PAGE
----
How do anti-theft devices on shopping carts know they’re tripping at the edge of the parking lot?

I know that anti-theft devices on shopping carts are designed to trip at the edge of the parking lot, but how? And how come the wheels are locked half the time when the cart is very close (or even inside) to the store, not near the edge of the property? – The squeaky wheel

We’ve come a long way since Elmer Isaacks patented the first wheel lock for shopping trolleys in 1968. Until then, anyone could take a shopping cart with them at will and leave it in the nearest park, pond or private garden when they got bored. Thank goodness such things are unheard of in today’s wheellock-enabled utopia.

Isaack’s wheellock reinforced the cart’s perimeter with a series of magnets under the pavement. When a carriage rolled across the line, a magnetic mechanism pushed a rod through a hole in the wheel, like a stick through the spokes of a bicycle.

Modern systems are more sophisticated, if less elegant: today’s perimeter is just a buried wire carrying electrical impulses. An induction coil in the wheel picks up these impulses and forwards them to an on-board computer, which recognizes the moment and reacts by activating an internal, motor-driven braking system.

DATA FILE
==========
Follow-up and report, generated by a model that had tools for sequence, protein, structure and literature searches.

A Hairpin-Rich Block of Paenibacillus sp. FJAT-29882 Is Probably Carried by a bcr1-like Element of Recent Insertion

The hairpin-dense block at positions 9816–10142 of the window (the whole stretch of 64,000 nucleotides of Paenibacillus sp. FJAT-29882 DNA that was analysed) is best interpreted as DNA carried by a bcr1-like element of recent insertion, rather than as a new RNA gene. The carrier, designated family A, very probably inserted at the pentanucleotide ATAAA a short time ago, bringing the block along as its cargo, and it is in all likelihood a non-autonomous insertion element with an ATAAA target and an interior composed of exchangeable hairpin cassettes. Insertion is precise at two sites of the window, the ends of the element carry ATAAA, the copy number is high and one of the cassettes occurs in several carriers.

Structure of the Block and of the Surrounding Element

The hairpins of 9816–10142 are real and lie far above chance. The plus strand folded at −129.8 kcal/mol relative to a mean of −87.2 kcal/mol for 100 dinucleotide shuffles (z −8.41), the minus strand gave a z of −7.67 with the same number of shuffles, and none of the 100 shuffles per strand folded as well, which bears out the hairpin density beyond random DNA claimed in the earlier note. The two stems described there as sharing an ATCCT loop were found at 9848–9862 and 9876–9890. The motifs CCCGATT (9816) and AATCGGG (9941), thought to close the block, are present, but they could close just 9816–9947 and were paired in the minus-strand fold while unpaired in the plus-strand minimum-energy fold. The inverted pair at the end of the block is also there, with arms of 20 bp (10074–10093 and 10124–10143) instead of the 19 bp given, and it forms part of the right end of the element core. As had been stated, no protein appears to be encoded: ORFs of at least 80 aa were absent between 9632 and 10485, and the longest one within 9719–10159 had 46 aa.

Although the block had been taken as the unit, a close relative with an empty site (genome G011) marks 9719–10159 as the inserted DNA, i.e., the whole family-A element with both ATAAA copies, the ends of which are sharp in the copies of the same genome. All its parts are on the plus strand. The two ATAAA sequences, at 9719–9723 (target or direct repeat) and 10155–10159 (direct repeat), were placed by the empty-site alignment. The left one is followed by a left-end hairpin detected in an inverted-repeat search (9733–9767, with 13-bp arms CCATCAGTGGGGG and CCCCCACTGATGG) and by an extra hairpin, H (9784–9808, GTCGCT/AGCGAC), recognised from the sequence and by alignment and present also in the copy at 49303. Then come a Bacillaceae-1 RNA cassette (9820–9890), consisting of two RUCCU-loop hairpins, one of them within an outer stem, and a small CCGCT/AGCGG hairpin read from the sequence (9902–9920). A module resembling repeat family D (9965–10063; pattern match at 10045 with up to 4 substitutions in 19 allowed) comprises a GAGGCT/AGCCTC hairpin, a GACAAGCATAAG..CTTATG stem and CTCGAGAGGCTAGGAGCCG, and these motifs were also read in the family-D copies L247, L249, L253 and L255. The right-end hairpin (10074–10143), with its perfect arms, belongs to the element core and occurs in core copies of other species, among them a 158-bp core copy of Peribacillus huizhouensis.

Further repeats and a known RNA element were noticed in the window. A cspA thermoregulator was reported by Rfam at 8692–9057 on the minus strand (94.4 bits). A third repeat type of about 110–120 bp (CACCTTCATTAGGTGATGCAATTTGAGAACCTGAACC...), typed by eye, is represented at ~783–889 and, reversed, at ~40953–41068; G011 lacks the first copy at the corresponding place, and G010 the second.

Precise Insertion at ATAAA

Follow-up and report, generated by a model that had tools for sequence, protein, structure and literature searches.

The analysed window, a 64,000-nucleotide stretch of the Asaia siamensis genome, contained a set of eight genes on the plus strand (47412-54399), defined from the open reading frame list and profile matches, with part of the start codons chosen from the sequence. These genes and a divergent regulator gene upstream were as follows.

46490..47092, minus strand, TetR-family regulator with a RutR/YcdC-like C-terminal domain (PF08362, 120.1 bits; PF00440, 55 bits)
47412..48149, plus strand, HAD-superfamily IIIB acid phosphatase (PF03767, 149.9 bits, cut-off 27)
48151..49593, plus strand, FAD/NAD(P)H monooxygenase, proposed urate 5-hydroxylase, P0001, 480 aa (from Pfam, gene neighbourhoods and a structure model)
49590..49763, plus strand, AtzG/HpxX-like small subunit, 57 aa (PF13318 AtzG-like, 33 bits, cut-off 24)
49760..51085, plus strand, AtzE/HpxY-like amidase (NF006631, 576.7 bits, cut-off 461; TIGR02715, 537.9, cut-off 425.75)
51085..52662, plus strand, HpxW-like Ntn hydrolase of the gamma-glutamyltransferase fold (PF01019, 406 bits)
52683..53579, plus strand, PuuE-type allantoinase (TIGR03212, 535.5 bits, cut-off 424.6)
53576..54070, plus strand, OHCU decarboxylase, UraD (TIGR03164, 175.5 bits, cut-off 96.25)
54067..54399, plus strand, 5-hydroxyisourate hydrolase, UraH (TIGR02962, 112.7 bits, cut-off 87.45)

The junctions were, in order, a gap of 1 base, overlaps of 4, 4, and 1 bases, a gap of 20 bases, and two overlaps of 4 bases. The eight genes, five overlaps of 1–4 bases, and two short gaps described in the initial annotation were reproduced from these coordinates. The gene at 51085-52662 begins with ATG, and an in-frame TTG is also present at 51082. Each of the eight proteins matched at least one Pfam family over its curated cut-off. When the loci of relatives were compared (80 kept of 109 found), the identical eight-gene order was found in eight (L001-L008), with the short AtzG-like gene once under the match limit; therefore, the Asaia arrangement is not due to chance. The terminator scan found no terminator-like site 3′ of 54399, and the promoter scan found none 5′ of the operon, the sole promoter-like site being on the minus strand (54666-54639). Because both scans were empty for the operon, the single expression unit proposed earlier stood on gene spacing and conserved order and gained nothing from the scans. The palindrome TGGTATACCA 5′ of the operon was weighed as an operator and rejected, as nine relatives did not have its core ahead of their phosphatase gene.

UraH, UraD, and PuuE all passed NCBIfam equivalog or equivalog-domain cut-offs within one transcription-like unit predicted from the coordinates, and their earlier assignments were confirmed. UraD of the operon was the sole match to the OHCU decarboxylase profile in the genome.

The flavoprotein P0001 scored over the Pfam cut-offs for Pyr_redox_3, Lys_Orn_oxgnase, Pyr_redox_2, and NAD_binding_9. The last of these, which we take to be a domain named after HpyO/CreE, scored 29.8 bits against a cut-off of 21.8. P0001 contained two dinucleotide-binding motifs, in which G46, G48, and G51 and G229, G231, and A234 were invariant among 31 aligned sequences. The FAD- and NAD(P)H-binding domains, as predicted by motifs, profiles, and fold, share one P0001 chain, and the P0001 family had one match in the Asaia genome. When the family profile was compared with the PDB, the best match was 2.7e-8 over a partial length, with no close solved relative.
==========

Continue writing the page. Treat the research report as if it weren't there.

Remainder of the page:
These different approaches to the same problem have one thing in common: both can be overcome by simply holding the ratchet wheel a few feet above the gauge line, usually by doing a quick shopping cart wheelie as you cross. (Some stores now use two locking wheels on opposite corners, making this exploit impossible without elevating the entire cart overhead, like Hulk.)

So, when locking wheels are so easy to beat, why bother? Well, they’re still better than nothing; Each cart saved costs $150 that you don’t spend. But it’s also because not only do these systems combat cart theft, many also combat “pushout theft,” also known as “filling the cart and leaving without paying.”

When a cart pulls into the store, the lock activates and locks as they walk out the door without going through a checkout line first. It’s a cute system, but you can see how it can occasionally get confused and imprison an innocent cart. Since the average pushout costs $560, it’s worth the retailer’s bother — especially when that hassle falls mostly on folks like you and me, Squeaky, with our square-wheeled carts.

Questions? send them to [email protected].

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